Getting there and getting around Tibet

Colorful Tibetan prayer flags adorn a bridge across the Yarlung River. Credit: Lon Abbott and Terri Cook. Colorful Tibetan prayer flags adorn a bridge across the Yarlung River. Credit: Lon Abbott and Terri Cook.

Tibet is a long way from most everywhere. There are no direct flights from North America, so it’s usually cheapest and most convenient to fly into a major Chinese city such as Beijing and then catch the next flight to Lhasa Gonggar Airport (LXA). Air China, Tibet Airlines, Sichuan Airlines and China Southern are among the carriers offering direct and connecting flights to Lhasa from most major Chinese cities. Sichuan Airlines and Air China also provide nonstop service from Kathmandu, Nepal. The Lhasa airport is located 65 kilometers south of the city center and takes about an hour to reach.

Lhasa is also accessible via the long-distance Tibet Railway from Xi’an, Beijing, Shanghai and other major cities throughout China. The railway station is 8 kilometers from the city center. Most tour companies will arrange to pick you up at the airport or railway station and transport you directly to your hotel, but, if necessary, taxis are available at both locations.

All foreign visitors must prearrange tours. The costs of tours, which include transportation and a guide, are typically about $100 per person per day and include basic accommodations and a few meals. We used Great Tibet Tour company and found them to be excellent, with an outstanding guide.

Before traveling to Tibet, U.S. citizens must obtain a visa for China, as well as a special entry permit for Tibet. Unless you can appear in person at the embassy, you’ll have to use a visa service. We hired the extremely efficient Mile High Visas to obtain 10-year tourist visas ($209+ per person). Your tour company should take care of processing the Tibet permits for you. In our case, they did this but could not ship them overseas, so we spent a night in Beijing and picked up the permits at our hotel there before flying to Lhasa. The permit cost was included in our tour price.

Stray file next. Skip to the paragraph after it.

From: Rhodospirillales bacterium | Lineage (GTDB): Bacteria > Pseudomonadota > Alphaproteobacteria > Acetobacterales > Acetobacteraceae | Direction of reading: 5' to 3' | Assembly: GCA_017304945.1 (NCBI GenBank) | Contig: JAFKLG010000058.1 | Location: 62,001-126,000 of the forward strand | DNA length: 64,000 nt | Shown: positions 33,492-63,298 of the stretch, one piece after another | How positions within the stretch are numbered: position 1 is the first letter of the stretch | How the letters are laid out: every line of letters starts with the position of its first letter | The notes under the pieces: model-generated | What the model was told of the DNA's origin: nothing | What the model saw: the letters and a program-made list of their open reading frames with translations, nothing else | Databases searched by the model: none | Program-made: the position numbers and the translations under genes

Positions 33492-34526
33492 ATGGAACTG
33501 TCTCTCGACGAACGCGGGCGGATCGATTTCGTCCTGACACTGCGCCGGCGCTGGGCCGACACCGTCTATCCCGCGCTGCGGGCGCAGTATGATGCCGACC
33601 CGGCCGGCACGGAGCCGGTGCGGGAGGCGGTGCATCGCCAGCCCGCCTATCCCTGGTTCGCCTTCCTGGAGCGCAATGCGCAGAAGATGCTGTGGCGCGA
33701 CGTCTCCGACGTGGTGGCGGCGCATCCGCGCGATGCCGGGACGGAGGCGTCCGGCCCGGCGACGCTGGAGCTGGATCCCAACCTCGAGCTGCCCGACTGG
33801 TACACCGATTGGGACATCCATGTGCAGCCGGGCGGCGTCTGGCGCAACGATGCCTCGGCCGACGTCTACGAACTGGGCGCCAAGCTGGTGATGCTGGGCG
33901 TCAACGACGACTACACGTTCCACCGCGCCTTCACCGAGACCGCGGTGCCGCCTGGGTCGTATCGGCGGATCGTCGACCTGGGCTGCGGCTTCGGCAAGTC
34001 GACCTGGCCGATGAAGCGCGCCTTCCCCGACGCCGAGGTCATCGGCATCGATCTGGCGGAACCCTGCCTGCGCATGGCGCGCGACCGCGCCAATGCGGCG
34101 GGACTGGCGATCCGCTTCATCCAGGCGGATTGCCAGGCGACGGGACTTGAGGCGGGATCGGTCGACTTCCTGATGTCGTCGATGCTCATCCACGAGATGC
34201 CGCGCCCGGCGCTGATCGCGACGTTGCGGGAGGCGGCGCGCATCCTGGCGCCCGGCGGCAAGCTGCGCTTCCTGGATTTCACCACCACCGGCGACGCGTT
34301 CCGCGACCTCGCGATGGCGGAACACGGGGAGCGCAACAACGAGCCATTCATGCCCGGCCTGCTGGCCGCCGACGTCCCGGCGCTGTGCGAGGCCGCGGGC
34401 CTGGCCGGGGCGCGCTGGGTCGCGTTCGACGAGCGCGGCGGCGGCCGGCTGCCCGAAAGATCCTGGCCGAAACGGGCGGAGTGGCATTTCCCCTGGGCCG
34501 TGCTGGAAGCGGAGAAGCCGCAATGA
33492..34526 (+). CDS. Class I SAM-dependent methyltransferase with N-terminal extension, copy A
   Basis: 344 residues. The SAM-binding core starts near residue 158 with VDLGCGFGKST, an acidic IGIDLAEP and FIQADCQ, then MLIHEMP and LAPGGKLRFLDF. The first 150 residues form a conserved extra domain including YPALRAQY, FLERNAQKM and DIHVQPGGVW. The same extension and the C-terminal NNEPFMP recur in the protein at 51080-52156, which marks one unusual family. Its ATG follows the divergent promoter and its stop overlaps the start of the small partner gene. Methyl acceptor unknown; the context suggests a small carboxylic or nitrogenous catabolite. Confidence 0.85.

A Tibetan pilgrim enjoys a hard-earned break. Credit: Lon Abbott and Terri Cook.A Tibetan pilgrim enjoys a hard-earned break. Credit: Lon Abbott and Terri Cook.

Your tour company will arrange all accommodations for you. These tend to be modest hotels and guesthouses with amenities that are not up to Western standards. In some cases, it may be possible to upgrade to “four-star” hotels, but even these are not luxury experiences.

One note: Our tour company did not accept credit cards; we paid deposits both by PayPal, which charges a 4.2 percent transfer fee, as well as by wire transfer, for which our bank charged us $35. We paid for all transactions in China’s official currency, the yuan.

Another note of warning: The region’s elevation is challenging even for people like us who live in Colorado at 1,700 meters elevation. It took us several days to acclimate to Lhasa’s 3,500-meter altitude, so if you live closer to sea level, it could take a week or more to adjust. Drinking plenty of water, eating salty and carbohydrate-rich meals and avoiding alcohol and caffeine consumption all help in acclimating to the high altitude. Plan for plenty of acclimation time. Finally, bring plenty of warm and windproof clothing and be prepared for cold temperatures and rain or snow, even in the middle of summer.

Terri Cook and Lon Abbott

Terri Cook (www.down2earthscience.com) is a science and travel writer based in Colorado and an EARTH roving correspondent. Lon Abbott is a geology professor at the University of Colorado at Boulder.

Thursday, January 17, 2019 - 06:00